Tamara Steger Investigates the Environmental Aspects of Occupy Wall Street
Late last year, Associate Professor of Environmental Sciences and Policy Tamara Steger was transfixed by Internet videos showing hundreds of people descending on Wall Street to protest social inequality. From her office in Budapest, she wondered how the Occupy Wall Street movement might represent a new kind of social activism.
“Was it really any different from how people had been talking about social and environmental justice issues?” she says. “Were people thinking differently about these issues now?”
So with a grant from CEU, Steger headed to New York City's Zuccotti Park to interview participants and discover how environmental activism was part of the greater Occupy movement.
“It looked like a huge festival,” she says of Zuccotti Park, the protesters' encampment. “But going inside, people were talking about things that really mattered. The quality–of-life issues – this is why it interests me a great deal. At the heart of the environmental movement is quality–of-life issues.”
It's that intersection between environmentalism and social activism that has shaped Steger's research at CEU. With colleague Guntra Aistara, a research fellow in the department, Steger founded the Environmental and Social Justice Action Research Group, or ACT JUST, to jumpstart what she calls “action research.”
“We want to make a difference and explore and build knowledge that we can use to make a difference,” she says.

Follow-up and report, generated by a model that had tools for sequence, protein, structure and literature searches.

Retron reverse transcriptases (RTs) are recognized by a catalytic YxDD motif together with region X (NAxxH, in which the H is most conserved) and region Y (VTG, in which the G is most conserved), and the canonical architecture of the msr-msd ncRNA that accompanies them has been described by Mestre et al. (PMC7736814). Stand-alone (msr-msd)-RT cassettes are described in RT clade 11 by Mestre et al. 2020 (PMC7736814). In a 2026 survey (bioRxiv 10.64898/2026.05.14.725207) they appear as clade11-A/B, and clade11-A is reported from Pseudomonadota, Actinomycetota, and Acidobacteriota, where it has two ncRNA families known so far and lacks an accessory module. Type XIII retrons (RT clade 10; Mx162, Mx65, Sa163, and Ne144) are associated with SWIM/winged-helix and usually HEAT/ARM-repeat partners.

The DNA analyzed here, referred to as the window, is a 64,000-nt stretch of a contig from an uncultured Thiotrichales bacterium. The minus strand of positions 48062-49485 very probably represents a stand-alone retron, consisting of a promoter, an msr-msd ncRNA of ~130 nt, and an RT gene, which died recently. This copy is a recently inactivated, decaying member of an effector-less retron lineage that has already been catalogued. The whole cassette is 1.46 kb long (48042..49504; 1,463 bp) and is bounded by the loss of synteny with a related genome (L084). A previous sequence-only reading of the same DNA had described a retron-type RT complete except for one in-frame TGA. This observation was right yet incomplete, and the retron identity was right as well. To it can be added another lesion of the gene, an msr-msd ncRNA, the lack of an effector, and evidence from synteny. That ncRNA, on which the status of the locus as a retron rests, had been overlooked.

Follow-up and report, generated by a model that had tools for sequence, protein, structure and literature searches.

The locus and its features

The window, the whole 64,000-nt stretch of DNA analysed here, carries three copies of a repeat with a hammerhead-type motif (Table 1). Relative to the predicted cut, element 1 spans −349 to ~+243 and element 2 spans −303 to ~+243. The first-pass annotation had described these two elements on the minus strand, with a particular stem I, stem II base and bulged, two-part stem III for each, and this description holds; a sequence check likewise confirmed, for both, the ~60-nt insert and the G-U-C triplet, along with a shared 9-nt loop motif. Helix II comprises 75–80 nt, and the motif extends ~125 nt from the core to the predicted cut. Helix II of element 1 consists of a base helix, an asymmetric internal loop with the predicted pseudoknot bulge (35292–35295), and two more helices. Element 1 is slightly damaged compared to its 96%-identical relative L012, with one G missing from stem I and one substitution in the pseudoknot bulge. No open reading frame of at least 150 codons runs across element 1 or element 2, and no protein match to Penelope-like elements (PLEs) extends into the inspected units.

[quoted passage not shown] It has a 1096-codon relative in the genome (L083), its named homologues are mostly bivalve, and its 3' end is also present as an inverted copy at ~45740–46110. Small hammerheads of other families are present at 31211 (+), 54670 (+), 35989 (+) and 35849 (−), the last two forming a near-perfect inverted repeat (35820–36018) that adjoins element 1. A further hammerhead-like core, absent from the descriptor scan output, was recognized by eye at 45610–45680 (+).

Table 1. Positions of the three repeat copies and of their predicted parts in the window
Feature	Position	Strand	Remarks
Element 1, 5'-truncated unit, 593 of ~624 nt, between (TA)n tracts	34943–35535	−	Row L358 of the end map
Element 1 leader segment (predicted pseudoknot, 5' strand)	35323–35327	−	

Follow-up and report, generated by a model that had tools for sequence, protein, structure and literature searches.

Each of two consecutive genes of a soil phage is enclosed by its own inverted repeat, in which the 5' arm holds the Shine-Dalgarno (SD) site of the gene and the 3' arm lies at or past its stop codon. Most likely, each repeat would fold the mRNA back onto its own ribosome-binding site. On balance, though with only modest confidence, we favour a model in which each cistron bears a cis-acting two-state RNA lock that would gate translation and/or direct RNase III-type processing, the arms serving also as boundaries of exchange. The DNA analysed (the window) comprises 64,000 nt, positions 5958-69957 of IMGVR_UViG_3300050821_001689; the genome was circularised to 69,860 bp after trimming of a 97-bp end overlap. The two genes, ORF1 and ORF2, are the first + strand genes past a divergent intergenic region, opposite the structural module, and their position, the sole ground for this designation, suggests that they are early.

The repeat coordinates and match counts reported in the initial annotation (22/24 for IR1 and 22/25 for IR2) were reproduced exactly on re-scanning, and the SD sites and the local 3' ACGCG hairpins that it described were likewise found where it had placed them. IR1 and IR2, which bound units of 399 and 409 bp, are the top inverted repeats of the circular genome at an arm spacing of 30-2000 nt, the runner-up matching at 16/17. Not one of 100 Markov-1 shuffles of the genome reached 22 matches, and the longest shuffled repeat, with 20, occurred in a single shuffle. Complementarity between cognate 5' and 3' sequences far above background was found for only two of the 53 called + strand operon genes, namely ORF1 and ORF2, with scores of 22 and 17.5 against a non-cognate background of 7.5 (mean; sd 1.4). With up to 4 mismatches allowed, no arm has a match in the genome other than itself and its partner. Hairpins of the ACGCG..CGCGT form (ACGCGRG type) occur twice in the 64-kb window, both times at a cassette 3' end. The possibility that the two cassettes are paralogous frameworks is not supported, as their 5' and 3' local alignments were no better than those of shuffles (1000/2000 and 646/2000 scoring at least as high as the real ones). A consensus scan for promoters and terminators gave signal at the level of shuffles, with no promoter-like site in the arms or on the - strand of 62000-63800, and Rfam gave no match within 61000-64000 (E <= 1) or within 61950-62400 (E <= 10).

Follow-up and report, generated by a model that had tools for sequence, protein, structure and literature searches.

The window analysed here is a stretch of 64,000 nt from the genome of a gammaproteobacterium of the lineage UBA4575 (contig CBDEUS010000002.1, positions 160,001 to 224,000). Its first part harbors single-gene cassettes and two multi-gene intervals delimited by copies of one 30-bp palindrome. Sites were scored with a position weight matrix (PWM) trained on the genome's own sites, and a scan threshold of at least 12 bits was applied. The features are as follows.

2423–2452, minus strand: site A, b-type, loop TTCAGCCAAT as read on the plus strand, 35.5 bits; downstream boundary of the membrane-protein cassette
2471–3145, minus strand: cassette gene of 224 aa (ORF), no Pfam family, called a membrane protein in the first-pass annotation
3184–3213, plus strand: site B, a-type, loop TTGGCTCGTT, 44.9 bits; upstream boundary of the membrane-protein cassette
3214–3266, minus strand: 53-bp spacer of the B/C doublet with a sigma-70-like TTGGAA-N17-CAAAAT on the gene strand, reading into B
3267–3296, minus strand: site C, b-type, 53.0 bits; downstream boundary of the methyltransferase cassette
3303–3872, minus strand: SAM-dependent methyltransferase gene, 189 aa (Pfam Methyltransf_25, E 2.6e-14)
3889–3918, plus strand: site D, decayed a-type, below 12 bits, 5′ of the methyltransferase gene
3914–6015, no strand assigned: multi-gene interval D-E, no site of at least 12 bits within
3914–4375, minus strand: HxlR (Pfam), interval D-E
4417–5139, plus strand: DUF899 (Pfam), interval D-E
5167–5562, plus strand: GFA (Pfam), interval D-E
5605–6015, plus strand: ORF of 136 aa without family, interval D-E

Among the protesters, she found that environmentalists were integrating their message into larger messages of social justice by forging coalitions. They formed working groups with race equality activists and others to merge their overarching goals of social justice and environmental quality.
“This wider environmental movement needed to build these coalitions,” she says, “to work closely with the feminist movement and the labor movement – to integrate these everyday life concerns of people. And the Occupy Movement has done that.”
Steger, who teaches a course in environmental activism and communication this term, is encouraging her students to see how the Occupy Movement is changing how environmentalists organize and communicate. Her students are generating a sustainability action plan for CEU and producing a short film on the Occupy movement.
“Our work together,” she says, “is hopefully leading us in an interesting direction for theory development that can be useful in terms of activism.”
Photo: CEU/Daniel Vegel
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